Having spent a stunning winter’s day in the sun on the Whittington Estate in Camden, I walked back home reflecting on CABE’s ‘Estate of the Nation’ seminar hosted by NLA, writes Jo McCafferty of Levitt Bernstein.
It was an event held hot on the heels of the NLA’s The Great Estates exhibition, and focused on some of London’s greatest housing schemes. From the rallying cry of Alan Powers to ‘protect our 20th century heritage’ to Dickon Robinson’s refreshing questioning of the quality of the Green Belt and opportunities to develop it, rather than ever densify the city, it proved a stimulating evening.
However, looking around the audience of eager architects, planners, developers and local authority officers, it was hard to understand why provision of new, well designed homes seems so elusive. Clearly it is the greatest challenge of our times and yet really is there just one solution to this vast problem? Conservation versus new build, estate wide regeneration versus infill, private versus public funding, densification versus urban expansion?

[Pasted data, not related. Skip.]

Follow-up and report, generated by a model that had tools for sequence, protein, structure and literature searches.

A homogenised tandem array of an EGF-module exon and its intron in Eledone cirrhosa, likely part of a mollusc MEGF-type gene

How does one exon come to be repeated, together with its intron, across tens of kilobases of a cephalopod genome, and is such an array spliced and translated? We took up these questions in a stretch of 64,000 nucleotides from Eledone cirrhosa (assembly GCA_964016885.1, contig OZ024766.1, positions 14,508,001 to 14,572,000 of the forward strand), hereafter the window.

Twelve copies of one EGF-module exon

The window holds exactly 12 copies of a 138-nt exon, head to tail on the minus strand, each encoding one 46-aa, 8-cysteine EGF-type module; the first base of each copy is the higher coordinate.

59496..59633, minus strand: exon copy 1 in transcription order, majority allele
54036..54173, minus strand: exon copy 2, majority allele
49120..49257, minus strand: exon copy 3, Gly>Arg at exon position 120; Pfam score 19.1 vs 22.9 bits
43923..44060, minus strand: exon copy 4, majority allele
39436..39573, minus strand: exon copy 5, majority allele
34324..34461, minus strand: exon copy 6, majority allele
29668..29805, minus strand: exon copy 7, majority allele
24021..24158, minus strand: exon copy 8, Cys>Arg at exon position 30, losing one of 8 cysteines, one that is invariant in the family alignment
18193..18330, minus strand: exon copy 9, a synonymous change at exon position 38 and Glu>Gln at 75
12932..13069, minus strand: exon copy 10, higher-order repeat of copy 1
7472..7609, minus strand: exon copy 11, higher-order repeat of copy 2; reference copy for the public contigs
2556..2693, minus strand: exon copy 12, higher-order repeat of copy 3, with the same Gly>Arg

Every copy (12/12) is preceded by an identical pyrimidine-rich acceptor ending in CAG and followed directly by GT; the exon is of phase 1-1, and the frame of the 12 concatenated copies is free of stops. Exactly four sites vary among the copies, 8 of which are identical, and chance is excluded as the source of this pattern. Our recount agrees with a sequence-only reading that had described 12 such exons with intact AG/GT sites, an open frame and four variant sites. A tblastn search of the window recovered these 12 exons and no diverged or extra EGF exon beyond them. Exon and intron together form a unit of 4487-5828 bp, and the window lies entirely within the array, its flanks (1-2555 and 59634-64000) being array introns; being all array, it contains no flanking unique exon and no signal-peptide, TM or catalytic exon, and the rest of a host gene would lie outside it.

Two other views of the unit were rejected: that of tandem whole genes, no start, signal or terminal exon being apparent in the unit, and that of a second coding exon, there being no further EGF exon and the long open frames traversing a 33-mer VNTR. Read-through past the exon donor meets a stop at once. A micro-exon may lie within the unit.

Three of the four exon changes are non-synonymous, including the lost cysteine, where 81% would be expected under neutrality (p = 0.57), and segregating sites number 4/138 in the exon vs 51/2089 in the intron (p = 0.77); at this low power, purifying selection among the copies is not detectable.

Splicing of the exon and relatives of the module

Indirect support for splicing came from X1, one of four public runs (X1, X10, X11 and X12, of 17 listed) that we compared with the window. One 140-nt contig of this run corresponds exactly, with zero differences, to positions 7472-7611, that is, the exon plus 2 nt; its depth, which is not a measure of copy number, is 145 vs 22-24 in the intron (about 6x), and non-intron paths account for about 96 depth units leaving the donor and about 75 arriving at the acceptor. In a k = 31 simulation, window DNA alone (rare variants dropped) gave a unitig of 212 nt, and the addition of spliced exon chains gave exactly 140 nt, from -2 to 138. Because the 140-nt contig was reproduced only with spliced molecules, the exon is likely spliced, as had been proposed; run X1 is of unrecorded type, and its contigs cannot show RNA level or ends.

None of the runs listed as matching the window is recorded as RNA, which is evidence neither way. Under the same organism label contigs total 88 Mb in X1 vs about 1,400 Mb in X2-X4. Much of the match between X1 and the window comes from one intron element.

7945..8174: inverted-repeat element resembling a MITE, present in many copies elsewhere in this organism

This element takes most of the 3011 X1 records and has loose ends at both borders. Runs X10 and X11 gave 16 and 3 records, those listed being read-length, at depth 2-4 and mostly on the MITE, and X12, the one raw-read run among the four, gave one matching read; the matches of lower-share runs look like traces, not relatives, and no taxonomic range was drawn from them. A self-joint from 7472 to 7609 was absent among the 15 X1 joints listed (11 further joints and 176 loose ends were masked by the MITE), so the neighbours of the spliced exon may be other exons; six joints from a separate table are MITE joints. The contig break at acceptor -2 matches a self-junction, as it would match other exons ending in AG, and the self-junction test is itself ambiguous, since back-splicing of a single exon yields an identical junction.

Of course not. It will take all of these alternatives and more to provide the number of good new homes we need. I often find myself thinking about the days when Camden, led by Sydney Cook completed some of most progressive social housing of its time and longing for singular state-subsidised house building programmes. It’s easy to be seduced by the aesthetics of these schemes but there is so much more to appreciate.
The days of wholly government funded housing are long gone. It is up to us to learn the lessons of quality, flexibility, light and space that these homes have provided families for decades and work out how we can ensure dwellings of the same quality can be built now. Whether the projects are large or small, conservation or new build, central or peripheral we need to harness the same ambition, ingenuity, commitment and intelligence demonstrated by these heroic schemes of the 1970s and make it happen.
Jo McCafferty is a director at Levitt Bernstein